Instead of approaching QPs with a checklist in hand, U.S. sponsors are strongly encouraged to build a collaborative and knowledge-based relationship with the QPs they work with, keeping in mind the shared responsibility for patient safety a QP assumes when certifying a batch of IMP for an EU clinical trial.
Figure 1: QP checklist covering regulatory documents for batch certification to an EU clinical trial
Significant delays in the QP certification of a batch may at times result from poor communication and misaligned expectations during the onboarding and release process.
For example, although seemingly trivial, the documents listed in Figure 1 are required for each EU Member State participating in the clinical trial and, as multiple languages are involved, verified translations are required.
Likewise, QPs certify batches of IMP against the most current version of the approved CTA, which has been submitted to each competent authority. Thus, it is imperative for sponsors to adequately manage version control of documents throughout the clinical life cycle. QPs may also request to see communications between sponsors and competent authorities that directly impact the CTA submission or amendments in relation to certification of a batch.
Building a working relationship with the QP goes beyond checklists and proactively facilitates a smooth batch certification process.
Avoid Shipping Excursions
IMPs used for Phase 1 studies are commonly supported by limited and ongoing stability studies for both the establishment of an expiration date and assessment of temperature excursions. At times, shelf-life predictions and extrapolations are also incorporated in setting expiry dates, in alignment with ICH Q1 Stability Testing of New Drug Substances and Products.
To support continued supply to patients, expiry date extensions are generally necessary as additional stability data becomes available, requiring QP recertification of the batch(es) in question.
However, when it comes to temperature excursions, QPs do not have the same flexibility as their U.S. QA counterparts to evaluate and interpret available data to determine suitability of IMPs for distribution. Rather, QPs are expected to rely on the sponsor and the stability profile within the IMPD to assess the suitability of the affected IMP.
Thus, U.S. sponsors must oversee the proper compilation of the IMPD and mitigate the risk of excursions through conservative shipping arrangements, such as use of validated shippers and temperature monitoring devices, where available. It is also advised that sponsors generate and maintain fit for use reference tables summarizing the available stability data for easy reference in the event of an excursion and that these tables are updated frequently, as additional data becomes available.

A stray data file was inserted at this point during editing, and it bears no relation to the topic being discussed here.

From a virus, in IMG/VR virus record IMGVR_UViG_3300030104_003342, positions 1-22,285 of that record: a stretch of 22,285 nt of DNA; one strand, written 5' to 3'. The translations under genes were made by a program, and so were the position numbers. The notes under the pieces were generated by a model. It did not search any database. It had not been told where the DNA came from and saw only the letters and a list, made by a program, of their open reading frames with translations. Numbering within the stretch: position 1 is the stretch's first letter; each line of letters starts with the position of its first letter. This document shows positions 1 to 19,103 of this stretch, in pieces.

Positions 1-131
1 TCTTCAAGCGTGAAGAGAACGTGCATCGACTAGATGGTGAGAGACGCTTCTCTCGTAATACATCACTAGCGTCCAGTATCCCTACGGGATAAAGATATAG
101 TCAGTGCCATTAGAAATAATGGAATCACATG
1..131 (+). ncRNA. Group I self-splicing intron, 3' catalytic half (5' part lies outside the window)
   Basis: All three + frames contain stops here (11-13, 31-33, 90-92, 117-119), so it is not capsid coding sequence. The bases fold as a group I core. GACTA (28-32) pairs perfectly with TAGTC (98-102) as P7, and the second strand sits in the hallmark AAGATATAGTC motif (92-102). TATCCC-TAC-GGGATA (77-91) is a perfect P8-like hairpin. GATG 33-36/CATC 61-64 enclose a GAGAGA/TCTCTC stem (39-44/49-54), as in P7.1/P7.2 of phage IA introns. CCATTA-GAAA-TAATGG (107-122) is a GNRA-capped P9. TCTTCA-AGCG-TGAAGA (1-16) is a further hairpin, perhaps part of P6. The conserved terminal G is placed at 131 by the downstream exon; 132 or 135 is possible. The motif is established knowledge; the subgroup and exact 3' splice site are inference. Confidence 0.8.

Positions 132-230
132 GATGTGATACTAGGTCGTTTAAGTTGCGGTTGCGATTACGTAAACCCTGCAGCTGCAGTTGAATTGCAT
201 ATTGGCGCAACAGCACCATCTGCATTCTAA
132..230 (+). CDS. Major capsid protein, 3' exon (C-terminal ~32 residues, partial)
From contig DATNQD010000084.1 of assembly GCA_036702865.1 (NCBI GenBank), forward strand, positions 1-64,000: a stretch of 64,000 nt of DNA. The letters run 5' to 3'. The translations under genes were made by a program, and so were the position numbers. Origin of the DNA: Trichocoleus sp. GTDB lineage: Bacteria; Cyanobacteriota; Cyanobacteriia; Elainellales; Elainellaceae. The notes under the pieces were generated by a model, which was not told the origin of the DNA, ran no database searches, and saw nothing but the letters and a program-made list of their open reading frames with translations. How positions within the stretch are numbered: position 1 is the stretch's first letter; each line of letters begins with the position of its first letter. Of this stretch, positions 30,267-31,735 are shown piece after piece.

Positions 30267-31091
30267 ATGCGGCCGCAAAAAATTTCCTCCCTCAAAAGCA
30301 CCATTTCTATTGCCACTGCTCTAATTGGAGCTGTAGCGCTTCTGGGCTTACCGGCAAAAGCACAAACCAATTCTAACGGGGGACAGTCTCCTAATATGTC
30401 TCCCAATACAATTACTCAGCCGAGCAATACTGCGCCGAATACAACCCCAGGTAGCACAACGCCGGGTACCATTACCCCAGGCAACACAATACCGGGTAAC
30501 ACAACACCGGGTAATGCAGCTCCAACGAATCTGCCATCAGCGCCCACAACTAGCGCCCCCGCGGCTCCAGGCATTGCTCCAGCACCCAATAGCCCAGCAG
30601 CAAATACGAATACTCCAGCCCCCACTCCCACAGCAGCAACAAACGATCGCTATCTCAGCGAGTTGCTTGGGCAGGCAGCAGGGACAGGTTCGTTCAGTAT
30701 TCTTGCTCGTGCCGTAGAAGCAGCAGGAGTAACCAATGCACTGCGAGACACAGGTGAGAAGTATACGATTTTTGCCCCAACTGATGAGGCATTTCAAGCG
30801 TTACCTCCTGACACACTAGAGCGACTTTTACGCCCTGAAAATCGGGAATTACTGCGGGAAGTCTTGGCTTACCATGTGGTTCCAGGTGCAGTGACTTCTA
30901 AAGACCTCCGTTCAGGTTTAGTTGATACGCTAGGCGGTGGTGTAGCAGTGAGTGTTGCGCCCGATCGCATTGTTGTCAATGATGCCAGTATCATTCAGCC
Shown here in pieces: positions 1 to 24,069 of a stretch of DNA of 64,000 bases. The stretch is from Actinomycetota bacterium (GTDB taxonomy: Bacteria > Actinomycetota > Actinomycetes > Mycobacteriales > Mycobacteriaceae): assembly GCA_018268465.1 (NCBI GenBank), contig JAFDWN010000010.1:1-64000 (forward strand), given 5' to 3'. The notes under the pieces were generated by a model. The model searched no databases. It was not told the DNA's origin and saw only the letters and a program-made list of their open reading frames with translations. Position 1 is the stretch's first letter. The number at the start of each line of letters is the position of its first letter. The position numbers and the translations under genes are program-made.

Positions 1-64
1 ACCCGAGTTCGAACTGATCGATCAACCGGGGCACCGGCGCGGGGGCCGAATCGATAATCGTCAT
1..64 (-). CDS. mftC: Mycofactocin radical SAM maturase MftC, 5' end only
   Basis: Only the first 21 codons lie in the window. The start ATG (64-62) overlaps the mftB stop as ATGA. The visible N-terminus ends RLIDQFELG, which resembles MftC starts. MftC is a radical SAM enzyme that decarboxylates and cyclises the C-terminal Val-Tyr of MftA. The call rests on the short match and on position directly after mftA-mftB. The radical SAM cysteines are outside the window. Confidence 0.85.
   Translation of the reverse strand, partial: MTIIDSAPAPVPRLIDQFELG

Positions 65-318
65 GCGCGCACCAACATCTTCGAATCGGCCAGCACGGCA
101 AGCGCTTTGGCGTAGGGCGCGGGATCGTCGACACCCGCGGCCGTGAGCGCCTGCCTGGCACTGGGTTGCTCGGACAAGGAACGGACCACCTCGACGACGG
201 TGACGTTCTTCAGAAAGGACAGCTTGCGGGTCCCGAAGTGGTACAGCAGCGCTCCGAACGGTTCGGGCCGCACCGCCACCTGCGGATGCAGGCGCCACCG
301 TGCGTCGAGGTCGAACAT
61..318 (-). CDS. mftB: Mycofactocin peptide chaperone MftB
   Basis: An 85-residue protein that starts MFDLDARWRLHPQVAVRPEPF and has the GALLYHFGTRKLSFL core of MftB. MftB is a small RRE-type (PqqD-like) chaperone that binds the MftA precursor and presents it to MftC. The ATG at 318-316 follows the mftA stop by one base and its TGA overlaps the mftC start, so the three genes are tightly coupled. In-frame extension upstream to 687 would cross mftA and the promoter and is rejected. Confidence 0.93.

Figure 2: Example of fit for use reference table
Ultimately, it is fundamental U.S. sponsors understand the responsibilities the QP assumes through the QP Declaration and the QP Certification of a batch of IMP to a clinical trial. When sponsors have an appreciation for the shared responsibility for patient safety, and a deeper understanding of the QP’s scope of work, a winning regulatory, quality, and supply chain strategy can be put in place that helps to expedite the clinical timeline and supports uninterrupted clinical supply.
About The Authors:
Enith Morillo, M.Sc., is the founder and principal consultant of Cadoret Global, a U.S.-based consulting company that specializes in supporting virtual, early stage, and small-sized pharmaceutical companies in taking their investigational drug through development and clinical trials. She has over 12 years of proven, hands-on experience working in the FDA and DEA regulated industry. Morillo specializes in CMC QA oversight of contract manufacturing organizations, batch record review and product disposition, GMP audits, and establishing phase-appropriate quality management systems for emerging pharmaceutical companies. You can reach her at Morillo.Enith@outlook.com or connect with her on LinkedIn.
Azeem Shan, BSc (Hons), MRPharmS, is an experienced EU Qualified Person (QP) based in the UK. A pharmacist by training, he has over a decade of experience in the manufacture, packaging, testing, and distribution of human and veterinary medicines, both as clinical trial materials and commercial products. Shan has first-hand experience with setting up quality management systems, training, performing audits of GDP and GMP facilities, and providing support with remediation issues. His expertise covers EU GMP requirements, including successful MHRA and Veterinary Medicines Directorate inspections, along with site support with FDA pre-approval and GMP inspections. You can reach him at email@example.com or connect with him on LinkedIn.